As part of its continuing efforts to educate Chicagoans at risk for HIV infection, the Chicago Department of Public Health has produced a television show for gay and bisexual men of color. Kevin's Room is a 60-minute drama that explores issues such as gay relationships, HIV testing, HIV drug adherence, and sexual risk taking in the lives of African American gay men. The film also addresses cultural and community barriers which may contribute to poor health outcomes for gay men. These include coming out, family shame and religious issues.
In Chicago, HIV prevention strategies to reach African American gay men have had little impact on the number of new infections that occur each year. Rates of infection continue to rise in spite of medical advances which extend and enhance the lives of people with HIV.
Prevention strategies for men who have sex with men commonly include condom distribution through street outreach, group educational sessions and to a smaller degree prevention case management. While these interventions are critical, they are limited in scope and are have not stemmed the spread of HIV among African American MSM. Lack of services, inadequate marketing of current programming, shame and invisibility are just a few factors which contribute to the ongoing epidemic among gay and bisexual men of color.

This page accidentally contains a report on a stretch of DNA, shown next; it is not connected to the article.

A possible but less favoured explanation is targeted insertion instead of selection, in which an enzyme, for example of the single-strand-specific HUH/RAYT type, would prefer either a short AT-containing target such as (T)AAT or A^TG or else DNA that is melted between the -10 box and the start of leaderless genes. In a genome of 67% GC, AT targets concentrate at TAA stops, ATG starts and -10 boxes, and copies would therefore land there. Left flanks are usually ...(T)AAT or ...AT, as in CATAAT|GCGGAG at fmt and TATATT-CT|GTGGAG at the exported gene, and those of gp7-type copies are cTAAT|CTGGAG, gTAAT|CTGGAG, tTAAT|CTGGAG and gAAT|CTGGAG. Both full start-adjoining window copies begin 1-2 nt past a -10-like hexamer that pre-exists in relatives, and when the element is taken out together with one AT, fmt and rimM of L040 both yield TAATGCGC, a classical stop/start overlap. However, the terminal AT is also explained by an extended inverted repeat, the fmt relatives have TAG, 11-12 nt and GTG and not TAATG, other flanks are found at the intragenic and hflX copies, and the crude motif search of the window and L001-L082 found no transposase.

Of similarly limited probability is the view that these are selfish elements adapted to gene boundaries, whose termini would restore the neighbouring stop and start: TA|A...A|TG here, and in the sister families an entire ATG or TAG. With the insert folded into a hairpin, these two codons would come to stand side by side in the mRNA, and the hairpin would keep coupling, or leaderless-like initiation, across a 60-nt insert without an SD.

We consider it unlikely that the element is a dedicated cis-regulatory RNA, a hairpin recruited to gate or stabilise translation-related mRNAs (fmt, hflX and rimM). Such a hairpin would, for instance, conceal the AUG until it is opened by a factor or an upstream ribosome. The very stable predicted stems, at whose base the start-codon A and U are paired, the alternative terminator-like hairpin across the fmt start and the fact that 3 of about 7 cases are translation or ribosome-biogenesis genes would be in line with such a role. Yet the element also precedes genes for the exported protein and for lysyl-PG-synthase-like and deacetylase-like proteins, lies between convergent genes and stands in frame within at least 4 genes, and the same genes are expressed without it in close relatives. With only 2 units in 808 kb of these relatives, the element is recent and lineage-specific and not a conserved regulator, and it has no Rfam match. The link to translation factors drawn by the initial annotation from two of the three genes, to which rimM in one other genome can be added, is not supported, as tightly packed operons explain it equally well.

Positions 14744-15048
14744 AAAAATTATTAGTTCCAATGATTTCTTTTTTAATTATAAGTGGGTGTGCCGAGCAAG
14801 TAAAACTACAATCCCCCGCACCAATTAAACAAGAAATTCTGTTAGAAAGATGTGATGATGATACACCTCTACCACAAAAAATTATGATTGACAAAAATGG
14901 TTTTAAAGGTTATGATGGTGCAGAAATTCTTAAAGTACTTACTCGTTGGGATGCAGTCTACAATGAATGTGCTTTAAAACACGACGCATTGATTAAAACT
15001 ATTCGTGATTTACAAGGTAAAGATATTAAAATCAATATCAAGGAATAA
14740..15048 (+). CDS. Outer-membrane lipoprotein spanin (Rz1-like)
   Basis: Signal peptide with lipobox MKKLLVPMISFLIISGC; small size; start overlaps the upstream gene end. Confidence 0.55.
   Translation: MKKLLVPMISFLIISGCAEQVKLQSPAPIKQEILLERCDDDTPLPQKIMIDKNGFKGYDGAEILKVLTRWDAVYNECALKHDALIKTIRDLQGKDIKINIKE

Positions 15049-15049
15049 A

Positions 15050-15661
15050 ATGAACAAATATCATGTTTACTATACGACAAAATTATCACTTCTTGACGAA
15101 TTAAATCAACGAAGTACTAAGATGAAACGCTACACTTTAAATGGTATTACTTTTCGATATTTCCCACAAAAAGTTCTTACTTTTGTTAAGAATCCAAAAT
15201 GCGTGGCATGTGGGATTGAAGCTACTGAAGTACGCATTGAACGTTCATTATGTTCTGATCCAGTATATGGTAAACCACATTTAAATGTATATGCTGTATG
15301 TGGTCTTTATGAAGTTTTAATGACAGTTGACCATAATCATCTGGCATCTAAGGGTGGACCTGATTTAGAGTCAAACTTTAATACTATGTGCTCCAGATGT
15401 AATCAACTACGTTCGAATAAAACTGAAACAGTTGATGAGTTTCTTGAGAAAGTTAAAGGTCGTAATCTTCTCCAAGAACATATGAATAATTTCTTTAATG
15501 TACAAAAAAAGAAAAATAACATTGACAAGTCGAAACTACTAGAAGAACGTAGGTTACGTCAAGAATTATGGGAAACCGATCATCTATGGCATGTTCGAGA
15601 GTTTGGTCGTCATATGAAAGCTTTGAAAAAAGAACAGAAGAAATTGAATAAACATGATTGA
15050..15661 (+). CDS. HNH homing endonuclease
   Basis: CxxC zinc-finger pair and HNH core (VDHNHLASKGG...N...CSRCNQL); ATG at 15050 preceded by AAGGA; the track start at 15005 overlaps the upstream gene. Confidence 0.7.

Film distribution and use
The pilot episode of Kevin's Room is a stand-alone program filmed in super 16 millimeter film and can be shown to audiences in different venues. The program will debut on WPWR UPN Channel 50 on April 22, 2001. The program may also be available for selected film festivals and screenings and will be edited for use as a training tool for community based organizations, AIDS service providers, medical providers and other interested groups. A discussion guide is currently being developed along with a training curriculum. Pending available resources, Kevin's Room will be the springboard for future episodes of this compelling story.